News — pigment

Color Bias - An Eye Opening Lesson

around the web art struggles beginners color theory paint pigment

Color Bias - An Eye Opening Lesson

Do you struggle with muddy watercolors? Do you want to get brighter mixes? Understanding color bias was a major step towards solving these issues for me. As a self taught watercolor artist, I spend a ton of time on blogs and YouTube. There is so! Much! Info! on any topic you can imagine on the internet. I spent a ton of time researching watercolor supplies after the free class I took at the library. I'm such a nerd--and I secretly hoped if I researched enough and bought the exactly right supplies I would have an edge over every other beginner. Silly right?...

Read more →


Pigment: the Scientific Side of Watercolor Paint

paint pigment supplies

It was a forehead smacking moment. It took me much longer than I really want to admit in this eternal forum of public-facing internet to realize that the letters in pigment names stood for colors. PB meant "Pigment Blue," PR was "Pigment Red," and so on. But that slow dawning of realization also meant that I will never, ever forget what those letters on my tubes of watercolor paint mean. All watercolor paint is made from powdered pigment, a binder (typically gum arabic), additives and/or preservatives, and water. You can buy the individual parts and mix your own watercolor paint if you...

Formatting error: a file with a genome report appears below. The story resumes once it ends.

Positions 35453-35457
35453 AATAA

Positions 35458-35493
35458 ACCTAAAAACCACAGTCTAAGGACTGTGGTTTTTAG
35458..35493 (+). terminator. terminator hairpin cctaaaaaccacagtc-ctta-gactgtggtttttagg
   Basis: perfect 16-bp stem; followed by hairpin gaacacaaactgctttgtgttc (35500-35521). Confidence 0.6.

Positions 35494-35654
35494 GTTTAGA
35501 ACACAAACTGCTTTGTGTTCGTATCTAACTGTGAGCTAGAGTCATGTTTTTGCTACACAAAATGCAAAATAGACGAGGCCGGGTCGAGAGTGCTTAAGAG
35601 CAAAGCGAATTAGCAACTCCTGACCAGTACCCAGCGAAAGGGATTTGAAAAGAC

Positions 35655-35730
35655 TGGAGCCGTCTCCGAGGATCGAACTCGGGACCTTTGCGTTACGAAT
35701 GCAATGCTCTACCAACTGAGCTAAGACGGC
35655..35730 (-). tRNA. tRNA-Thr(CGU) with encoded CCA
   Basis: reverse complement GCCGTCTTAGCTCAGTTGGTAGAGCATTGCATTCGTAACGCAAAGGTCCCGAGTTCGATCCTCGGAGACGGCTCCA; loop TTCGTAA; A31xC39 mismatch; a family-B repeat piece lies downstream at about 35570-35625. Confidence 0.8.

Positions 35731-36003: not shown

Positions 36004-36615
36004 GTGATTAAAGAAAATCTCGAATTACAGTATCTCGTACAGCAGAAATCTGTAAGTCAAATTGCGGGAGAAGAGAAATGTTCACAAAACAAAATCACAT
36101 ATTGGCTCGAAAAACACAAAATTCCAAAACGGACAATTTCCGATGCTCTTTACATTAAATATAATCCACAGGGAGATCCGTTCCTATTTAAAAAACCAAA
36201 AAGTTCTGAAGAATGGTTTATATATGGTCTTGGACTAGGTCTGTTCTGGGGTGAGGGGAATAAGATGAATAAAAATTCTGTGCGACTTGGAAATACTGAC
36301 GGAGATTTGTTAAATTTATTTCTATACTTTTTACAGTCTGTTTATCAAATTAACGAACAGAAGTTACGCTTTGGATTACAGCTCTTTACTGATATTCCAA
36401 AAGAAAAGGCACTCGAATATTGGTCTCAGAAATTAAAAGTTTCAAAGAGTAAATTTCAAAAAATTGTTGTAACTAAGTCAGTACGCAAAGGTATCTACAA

Read more →


Ultramarine Blue (PB29)

paint pigment supplies

Ultramarine Blue is in my top 10, probably top 5, favorite watercolor pigments. It's a single pigment color with awesome granulation, and I love to use it with a burnt orange or raw sienna to make interesting neutrals. It's a very "standard" color--it came with all the initial sets of paint I bought when I was starting my watercolor journey in earnest: the Winsor & Newton Cotman palette, the Holbein set, and the Sennelier. I also have it from Daniel Smith and Shinhan. In my handmade watercolor sketchbook, I have a few pages of paint comparisons since I have duplicates of many...

Read more →


How a beat up baking sheet joined my supplies

experiments news paint pigment supplies

How did a beat up old, nonstick cookie sheet become a permanent fixture in my art room? "Billowing Clouds" was created with an old, battered baking sheet and experimentation with a non-traditional painting process: monotype. Monotype is actually a printing process, where a single print is taken from ink or paint spread on a flat surface. For this one, I squeezed pure indigo (always a favorite of mine), gold ochre, and maroon perylene pigments onto an old nonstick baking sheet--also a bit of a break from tradition since monotype is usually done on glass or an etching plate! Next I...

Read more →


Neutrals & complimentary colors

color theory paint pigment supplies

Orange & blue is one of my favorite color combos to use in my abstract work. Color theory tells us that complementary colors mix to make neutrals, and I've had the best results with blue and orange. Red and green (or more accurately, in my experiments, viridian and a cool red) often work as well, but I've had zero luck finding a pleasing combination of purple and yellow. And I've tried! A LOT. Instead, purple and yellow just make mud, almost without fail, and the worst part is it's not even interesting mud. It's just ugly brown. Give me a lovely granulating...

Read more →